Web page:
Judge orders Chandler Halderson must attend sentencing

MADISON, Wis. — The judge in the Chandler Halderson murder case has ruled the 24-year-old must attend his sentencing hearing after being convicted of killing and dismembering his parents, Bart and Krista.

Judge John Hyland issued the order Wednesday morning in response to a motion filed by Halderson’s defense saying Halderson wished to waive his right to appear and requested that he not be required to attend the sentencing hearing.

In his order, Hyland said a Wisconsin Supreme Court ruling in 1997 dictated that a defendant in a felony case could not voluntarily waive the right to be present at sentencing by knowingly and voluntarily being absent from the hearing. He also expressed concern that not requiring Halderson to appear for his sentencing could present future issues if he decides to appeal the case.

“Requiring his attendance at trial may violate Halderson’s expressed wishes, but it does not violate his Constitutional rights. While any right can be waived, the Court has not observed any successful appellate case where the denial of a waiver has resulted in a reversal of a conviction,” Hyland wrote in his order.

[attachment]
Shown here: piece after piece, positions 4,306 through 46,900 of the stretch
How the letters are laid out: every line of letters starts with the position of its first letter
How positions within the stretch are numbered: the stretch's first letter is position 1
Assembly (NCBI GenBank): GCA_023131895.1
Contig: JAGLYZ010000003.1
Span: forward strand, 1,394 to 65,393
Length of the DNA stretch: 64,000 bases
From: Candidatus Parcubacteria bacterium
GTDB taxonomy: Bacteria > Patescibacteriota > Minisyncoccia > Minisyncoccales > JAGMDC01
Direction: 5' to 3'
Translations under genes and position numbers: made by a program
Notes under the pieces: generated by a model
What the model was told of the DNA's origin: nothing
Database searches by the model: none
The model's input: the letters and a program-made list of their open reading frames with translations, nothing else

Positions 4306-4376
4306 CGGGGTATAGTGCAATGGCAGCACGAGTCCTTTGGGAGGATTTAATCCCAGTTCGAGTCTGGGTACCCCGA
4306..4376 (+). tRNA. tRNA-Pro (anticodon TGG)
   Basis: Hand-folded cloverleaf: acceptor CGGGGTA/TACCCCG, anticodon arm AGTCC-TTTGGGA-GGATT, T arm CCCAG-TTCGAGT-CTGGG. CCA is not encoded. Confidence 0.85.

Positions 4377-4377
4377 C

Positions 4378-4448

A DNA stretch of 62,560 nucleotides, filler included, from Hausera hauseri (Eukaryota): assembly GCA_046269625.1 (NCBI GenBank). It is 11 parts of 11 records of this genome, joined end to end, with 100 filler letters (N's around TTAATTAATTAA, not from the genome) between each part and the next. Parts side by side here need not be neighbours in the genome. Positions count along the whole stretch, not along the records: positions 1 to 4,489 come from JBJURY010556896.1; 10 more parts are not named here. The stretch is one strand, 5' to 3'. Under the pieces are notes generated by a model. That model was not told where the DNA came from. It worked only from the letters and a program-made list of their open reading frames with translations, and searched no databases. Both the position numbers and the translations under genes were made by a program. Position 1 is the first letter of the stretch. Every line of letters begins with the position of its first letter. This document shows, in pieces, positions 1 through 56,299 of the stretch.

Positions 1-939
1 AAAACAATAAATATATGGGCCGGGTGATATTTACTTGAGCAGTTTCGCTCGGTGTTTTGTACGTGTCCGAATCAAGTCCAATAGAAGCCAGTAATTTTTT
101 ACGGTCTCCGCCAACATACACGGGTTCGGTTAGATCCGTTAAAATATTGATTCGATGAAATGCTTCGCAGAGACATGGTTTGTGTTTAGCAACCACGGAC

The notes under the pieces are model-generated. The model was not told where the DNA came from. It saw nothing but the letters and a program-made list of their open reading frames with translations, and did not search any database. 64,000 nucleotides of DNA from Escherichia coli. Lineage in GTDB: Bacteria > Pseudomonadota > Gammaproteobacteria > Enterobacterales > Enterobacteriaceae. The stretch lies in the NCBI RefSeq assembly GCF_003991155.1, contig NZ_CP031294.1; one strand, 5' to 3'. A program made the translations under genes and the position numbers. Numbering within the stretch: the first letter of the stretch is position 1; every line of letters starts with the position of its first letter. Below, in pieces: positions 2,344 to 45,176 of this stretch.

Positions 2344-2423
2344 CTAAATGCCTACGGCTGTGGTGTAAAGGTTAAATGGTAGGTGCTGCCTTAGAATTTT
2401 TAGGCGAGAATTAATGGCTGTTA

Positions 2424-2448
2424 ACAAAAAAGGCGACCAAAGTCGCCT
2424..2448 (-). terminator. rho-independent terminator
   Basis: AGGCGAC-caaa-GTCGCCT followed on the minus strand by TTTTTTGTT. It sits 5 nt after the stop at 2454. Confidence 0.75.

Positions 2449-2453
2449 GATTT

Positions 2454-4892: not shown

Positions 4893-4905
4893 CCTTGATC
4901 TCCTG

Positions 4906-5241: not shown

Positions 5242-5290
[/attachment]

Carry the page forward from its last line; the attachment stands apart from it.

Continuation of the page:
Over the weekend, prosecutor William Brown wrote a letter to Judge Hyland asking he reject Halderson’s request.

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“He is a convicted murder (sic), body mutilator, and liar. His request to skip his sentencing hearing is absurd and is an affront to the public’s interest and expectation of its court system,” Brown wrote. “The defendant has no right to simply skip court hearings that might be uncomfortable or to avoid finally being held responsible for his behavior.”

Halderson is scheduled to be sentenced at 1:30 p.m. Thursday afternoon. Wisconsin state law mandates that he be sentenced to life in prison for both first-degree intentional homicide charges of which he was convicted, although Judge Hyland could allow for the possibility of parole in the future.

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Even if the judge says Halderson will be eligible for parole in the future, it does not guarantee he will be released — that decision would be made by a parole board, and could reject the request based on the situation at that time.

You can watch the sentencing hearing live on Channel3000.com, Channel3000+ streaming apps, and the Channel3000 YouTube and Facebook pages on Thursday afternoon.